Friday, April 2, 2010

World Autism Awareness Day

Today is World Autism Awareness Day, and April is Autism Awareness Month. What should we be making the public aware of?

I want people to be aware that people with autism are people, deserving of respect and tolerance. That many of them are very smart. That just because a person may not speak does not mean he does not hear, and feel, and understand. That autism is not the same as retardation.

I want people to be aware that autism is as much a part of who a person is as his ethnicity or skin color or sexuality. And like all of those attributes, autism is a difference, but not better or worse than any other way of being.

I want people to be aware of the sensory integration problems that often plague individuals on the spectrum. I want them to imagine how they would react if every sound were amplified ten times, or if they could not sense where their own body was in space, or if even their softest clothes constantly grated on their skin.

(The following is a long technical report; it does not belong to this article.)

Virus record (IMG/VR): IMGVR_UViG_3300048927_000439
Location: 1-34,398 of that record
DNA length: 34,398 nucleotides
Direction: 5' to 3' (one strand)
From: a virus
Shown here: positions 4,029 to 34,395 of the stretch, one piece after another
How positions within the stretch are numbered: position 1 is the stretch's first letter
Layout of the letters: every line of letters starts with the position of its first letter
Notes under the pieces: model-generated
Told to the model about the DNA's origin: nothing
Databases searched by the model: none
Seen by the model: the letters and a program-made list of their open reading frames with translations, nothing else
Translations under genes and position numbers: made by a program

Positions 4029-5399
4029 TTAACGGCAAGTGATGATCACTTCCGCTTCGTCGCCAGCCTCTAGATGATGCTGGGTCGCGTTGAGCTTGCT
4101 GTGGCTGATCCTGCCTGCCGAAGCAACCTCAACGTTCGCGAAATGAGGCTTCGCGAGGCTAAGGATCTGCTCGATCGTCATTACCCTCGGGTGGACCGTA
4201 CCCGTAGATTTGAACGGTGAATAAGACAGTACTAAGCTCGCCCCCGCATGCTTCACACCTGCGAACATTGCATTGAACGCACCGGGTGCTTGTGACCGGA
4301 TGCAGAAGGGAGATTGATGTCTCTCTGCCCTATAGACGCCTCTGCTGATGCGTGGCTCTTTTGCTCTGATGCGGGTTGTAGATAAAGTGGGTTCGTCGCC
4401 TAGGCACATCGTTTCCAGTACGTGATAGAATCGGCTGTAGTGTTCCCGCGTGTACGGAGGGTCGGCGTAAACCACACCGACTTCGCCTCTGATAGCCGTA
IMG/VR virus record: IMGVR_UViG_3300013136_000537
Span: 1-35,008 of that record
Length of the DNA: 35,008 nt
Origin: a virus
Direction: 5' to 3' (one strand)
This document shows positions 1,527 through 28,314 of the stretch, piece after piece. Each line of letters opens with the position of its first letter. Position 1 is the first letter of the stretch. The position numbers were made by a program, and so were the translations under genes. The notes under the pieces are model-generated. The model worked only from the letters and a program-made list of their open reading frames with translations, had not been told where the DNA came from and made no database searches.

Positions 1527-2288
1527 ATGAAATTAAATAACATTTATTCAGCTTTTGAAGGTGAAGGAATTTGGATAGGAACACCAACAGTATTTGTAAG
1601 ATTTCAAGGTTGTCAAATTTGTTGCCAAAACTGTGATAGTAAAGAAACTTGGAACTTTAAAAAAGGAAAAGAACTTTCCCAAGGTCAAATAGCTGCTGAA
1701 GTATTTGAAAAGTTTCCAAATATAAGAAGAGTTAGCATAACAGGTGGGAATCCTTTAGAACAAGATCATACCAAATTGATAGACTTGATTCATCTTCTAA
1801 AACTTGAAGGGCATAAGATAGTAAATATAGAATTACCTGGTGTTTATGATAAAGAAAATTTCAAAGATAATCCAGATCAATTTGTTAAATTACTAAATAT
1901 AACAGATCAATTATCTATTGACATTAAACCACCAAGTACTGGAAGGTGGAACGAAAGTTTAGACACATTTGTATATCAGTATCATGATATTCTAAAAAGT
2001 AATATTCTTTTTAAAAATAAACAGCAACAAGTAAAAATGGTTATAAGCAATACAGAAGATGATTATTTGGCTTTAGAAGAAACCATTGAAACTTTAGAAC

I want people to be aware of the digestive problems often experienced by individuals with autism. That chronic constipation, the inability to digest wheat or dairy proteins, and frequent abdominal pain can be par for the course.

I want people to be aware that their snap judgments of what they perceive as a mother's poor parenting skills may not accurately reflect the situation they are observing. I want people to understand that when a child with autism has a meltdown in public, it's not because she's a spoiled brat, but because her brain is not wired to handle life in a neurotypical world.

I want people to respect that children with autism may be developmentally delayed by a couple of years in some ways but operate at an age-appropriate - or advanced - level in other ways. That in spite of whatever limitations they have, many individuals with autism are quite gifted in other areas.

I want people to be aware that the autism spectrum is a diverse and confusing range of symptoms, behaviors, challenges, and strengths. Some individuals may flap their hands, or pass objects in front of their eyes, or stare at ceiling fans; and some may not do any of these things. Others may have trouble making eye contact or understanding social cues; and some may look you straight in the eye and say hello. Some may look perfectly "normal" in public; others may remind you of caged animals.

I want people to be aware that individuals on the spectrum are loved by their families and are capable of loving others and of living lives that are meaningful and satisfying. That life with autism can be as much a cause for celebration as any other life.

No comments:

Post a Comment

Keep it civil, people.